Sunday, 5 October 2008

Maori Party voters better off with a National Government

There has been much talk in recent weeks about the Maori Party's new romance with John Key and National.


The Maori Party have publicly slagged Helen Clark and Winston Peters, the former for being a washed up pollie on her way out, and the latter an issue of deep distrust over Peters and his philandering ways with undisclosed donations.

The Maori Party are right to cosy up to National, they are both inherently conservative, apart from the basic racist platform that the Maori Party operate under, and both have a long history of connections with each other-National were the first to kick off the major treaty agreements that we are now seeing Labour take credit for.

National are in a position, given their strong and sustained poll ratings, to offer Maori Party voters and Maori voters in the Maori and general seats more, the Maori Party know that and Key is far more pragmatic and easier to negotiate with than Clark, so will make any post election deal far easier.

In negotiations after a probable National Party majority win, National may need Maori Party support and the delivery of results under National for Maori in the 1990s would continue under a National banner this century.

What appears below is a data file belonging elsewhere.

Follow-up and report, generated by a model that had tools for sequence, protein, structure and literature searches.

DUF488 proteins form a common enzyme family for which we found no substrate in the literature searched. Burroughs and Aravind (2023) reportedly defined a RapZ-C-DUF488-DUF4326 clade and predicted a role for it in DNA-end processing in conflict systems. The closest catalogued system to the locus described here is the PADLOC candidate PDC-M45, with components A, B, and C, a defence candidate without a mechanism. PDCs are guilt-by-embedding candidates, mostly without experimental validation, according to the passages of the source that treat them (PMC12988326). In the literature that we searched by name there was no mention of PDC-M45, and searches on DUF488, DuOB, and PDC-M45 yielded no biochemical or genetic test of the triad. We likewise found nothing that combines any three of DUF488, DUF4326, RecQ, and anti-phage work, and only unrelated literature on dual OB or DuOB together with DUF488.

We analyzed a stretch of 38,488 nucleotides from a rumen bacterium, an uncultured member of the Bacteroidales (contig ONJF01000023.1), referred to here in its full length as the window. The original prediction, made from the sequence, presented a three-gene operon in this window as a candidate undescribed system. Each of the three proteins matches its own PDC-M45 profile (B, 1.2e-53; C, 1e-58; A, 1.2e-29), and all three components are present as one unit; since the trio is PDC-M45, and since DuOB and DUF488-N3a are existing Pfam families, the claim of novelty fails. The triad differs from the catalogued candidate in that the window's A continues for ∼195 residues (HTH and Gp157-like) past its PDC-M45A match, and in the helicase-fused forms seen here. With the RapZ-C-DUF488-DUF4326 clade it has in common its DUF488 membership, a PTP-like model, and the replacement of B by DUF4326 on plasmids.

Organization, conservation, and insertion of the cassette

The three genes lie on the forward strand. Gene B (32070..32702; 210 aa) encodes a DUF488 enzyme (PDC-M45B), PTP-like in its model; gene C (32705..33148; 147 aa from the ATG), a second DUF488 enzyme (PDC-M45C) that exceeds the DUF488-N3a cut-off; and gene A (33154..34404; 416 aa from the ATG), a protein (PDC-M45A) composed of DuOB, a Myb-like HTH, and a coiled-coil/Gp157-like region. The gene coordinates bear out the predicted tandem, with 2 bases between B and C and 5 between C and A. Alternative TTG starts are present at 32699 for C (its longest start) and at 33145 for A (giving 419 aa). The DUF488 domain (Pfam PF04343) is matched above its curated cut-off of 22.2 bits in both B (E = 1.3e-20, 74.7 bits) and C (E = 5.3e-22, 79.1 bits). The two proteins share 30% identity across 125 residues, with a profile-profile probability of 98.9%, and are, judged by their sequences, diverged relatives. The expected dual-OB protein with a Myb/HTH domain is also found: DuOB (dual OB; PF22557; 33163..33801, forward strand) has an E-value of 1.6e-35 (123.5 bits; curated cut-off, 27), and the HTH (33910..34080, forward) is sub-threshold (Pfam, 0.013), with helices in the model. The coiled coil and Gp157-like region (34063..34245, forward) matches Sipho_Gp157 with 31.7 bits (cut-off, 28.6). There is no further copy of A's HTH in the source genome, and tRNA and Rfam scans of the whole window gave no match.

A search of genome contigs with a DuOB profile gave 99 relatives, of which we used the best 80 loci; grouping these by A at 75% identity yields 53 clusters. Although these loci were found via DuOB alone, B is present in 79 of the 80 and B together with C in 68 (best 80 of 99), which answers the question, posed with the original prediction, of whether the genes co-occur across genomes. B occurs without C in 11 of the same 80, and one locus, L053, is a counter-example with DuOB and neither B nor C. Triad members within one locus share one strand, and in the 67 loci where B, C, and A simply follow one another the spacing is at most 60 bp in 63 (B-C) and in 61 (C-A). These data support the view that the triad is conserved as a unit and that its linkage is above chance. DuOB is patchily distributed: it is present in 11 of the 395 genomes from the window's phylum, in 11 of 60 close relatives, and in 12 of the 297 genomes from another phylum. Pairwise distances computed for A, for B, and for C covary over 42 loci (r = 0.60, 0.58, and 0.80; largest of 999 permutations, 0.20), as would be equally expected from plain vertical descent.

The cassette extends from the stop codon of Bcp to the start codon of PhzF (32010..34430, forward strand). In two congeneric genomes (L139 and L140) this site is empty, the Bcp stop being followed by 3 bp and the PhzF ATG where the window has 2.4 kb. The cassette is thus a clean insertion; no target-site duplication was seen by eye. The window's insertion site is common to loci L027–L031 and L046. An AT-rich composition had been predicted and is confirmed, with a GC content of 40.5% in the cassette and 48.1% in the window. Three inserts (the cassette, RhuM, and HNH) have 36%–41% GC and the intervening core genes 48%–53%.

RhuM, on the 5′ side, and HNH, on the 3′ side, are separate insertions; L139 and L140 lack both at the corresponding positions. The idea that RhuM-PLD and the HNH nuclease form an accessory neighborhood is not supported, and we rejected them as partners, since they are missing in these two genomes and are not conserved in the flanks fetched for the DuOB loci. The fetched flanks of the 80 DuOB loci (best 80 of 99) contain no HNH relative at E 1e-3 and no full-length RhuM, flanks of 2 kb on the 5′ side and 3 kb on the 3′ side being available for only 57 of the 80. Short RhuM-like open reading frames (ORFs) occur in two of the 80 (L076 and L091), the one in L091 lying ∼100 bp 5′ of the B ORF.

If we look at how poorly Maori population have been served in the last nine years under Labour we don't have to look far at the disappointing statistics:

Higher Maori unemployment and dependant on welfare

Poor health outcomes

Lower levels of education participation

Maori make up a much larger proportion of the crime and prison population

And so it goes on.

The outcomes for Maori have been far worse under Labour for the last nine years and the unpopular "Seabed and Foreshore Act"  passed by Labour was the impetus for the birth of the Maori Party and Maori Party members and wider Maori haven't forgotten that.

The crack by Clark before the 2005 election that:

"The Maori Party would be the last cab off the rank in any coalition talks,"

will also come back to haunt her and her party during the 2008 campaign, although earlier this week her last cab remark was replaced by a "first limo" statement about any possible 2008 coalition negotiations with the Maori Party because she is desperate.

A National/Maori Party coalition would be a natural and exciting fit for a new government until 2011 and Labours last minute attempts to curry favour with wider Maori by passing treating claims at breakneck speed is unlikely to help.

The only solution to the current problem therefore is for Maori Party voters to give their party vote to National instead of labour.



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